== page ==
The “mode of proceedings error” doctrine created by the NY Court of Appeals recognizes that some errors committed by a criminal trial court are so harmful to the integrity of the process that they are subject to appellate review even if defense counsel did not lodge an objection. The doctrine’s procedural safeguard is powerful because when it is held to apply, harmless error analysis is barred and the conviction must be reversed.

In a decision issued on June 7, 2016, the Court of Appeals had to determine whether a trial court committed such error when it accepted a jury’s guilty verdict on a charge of first-degree gang assault before the court had responded to certain notes from the jury requesting review of a court instruction and of testimony by a witness. On appeal, a divided panel of the Fourth Department found this to be a mode of proceedings error requiring reversal and a new trial. People v. Mack, 117 A.D. 3d 1450,  984 N.Y.S.2d 768 (App. Div. 4th Dep’t 2014). The People sought review by the Court of Appeals.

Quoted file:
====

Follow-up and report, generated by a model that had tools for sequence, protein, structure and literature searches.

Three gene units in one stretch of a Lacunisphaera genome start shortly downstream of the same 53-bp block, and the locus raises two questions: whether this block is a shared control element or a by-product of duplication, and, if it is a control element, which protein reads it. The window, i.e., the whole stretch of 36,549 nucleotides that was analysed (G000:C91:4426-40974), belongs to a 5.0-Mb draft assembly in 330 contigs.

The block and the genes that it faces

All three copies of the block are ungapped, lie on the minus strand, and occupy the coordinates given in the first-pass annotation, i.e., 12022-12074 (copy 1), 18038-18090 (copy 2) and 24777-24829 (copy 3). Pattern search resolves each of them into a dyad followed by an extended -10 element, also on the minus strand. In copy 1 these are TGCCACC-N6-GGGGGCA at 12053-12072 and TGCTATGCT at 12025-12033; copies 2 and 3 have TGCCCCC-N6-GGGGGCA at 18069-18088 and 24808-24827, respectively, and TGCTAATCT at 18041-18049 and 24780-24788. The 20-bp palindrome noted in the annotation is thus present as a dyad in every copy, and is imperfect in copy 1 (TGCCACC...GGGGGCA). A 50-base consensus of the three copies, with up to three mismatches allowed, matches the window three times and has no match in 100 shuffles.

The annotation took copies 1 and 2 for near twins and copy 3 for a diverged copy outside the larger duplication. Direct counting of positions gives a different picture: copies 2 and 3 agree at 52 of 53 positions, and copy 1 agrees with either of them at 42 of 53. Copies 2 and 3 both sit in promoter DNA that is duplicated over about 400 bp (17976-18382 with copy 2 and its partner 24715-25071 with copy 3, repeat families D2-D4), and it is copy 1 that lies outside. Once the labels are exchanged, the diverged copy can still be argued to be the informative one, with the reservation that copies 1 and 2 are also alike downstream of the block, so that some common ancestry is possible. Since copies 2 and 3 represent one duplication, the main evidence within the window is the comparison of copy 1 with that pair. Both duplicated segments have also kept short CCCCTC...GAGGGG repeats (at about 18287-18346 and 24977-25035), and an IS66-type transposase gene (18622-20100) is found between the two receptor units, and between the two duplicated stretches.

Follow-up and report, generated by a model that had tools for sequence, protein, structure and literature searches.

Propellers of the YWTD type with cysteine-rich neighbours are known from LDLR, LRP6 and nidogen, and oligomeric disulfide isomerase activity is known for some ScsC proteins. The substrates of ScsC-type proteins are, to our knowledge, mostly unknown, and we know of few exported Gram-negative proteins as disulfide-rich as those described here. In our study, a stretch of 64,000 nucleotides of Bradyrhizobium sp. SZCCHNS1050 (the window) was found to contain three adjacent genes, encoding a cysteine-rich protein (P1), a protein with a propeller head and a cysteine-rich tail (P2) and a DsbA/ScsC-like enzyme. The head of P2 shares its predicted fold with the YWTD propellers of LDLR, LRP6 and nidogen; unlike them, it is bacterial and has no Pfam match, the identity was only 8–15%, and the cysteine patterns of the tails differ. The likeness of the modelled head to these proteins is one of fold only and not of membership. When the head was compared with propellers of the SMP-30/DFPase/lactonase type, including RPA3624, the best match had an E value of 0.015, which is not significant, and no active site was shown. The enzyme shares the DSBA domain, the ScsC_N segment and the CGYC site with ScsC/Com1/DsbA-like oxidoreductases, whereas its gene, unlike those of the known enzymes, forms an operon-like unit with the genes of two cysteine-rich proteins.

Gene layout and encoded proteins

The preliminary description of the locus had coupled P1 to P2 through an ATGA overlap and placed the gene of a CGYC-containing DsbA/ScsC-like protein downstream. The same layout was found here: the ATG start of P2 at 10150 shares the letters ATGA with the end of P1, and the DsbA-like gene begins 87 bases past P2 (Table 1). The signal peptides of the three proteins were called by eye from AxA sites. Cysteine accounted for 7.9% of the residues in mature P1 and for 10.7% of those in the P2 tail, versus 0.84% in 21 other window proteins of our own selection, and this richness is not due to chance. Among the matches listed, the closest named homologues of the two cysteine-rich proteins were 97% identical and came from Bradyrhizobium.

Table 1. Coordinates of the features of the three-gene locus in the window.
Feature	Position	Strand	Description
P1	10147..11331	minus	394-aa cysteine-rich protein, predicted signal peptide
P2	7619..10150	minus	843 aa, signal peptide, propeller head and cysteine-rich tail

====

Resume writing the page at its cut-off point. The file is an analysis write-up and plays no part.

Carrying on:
At issue was NY Criminal Procedure Law § 310.30’s requirement that a trial court receiving a note from a deliberating jury must provide counsel with notice of the content of the note and provide a meaningful response to the jury. Also at issue was the scope of the Court’s precedents in cases such as People v. O’Rama, 78 N.Y.2d 270, 579 N.E.2d 189, 574 N.Y.S.2d 159 (1991), in which the Court applied the mode of proceedings doctrine in the context of a court’s response or failure to respond to juror requests for further instruction.

In People v. Mack, it was undisputed that the trial court fulfilled its responsibility to inform counsel of the contents of the jury’s notes. The Court’s precedents also made clear that a court’s failure in that responsibility would constitute a mode of proceedings error. Six judges of the Court of Appeals considered that the issue presented was a new one: whether a mode of proceedings error was committed by a trial court that, although properly informing counsel of the content of jury notes, erred by not providing a response to the jury before accepting the verdict.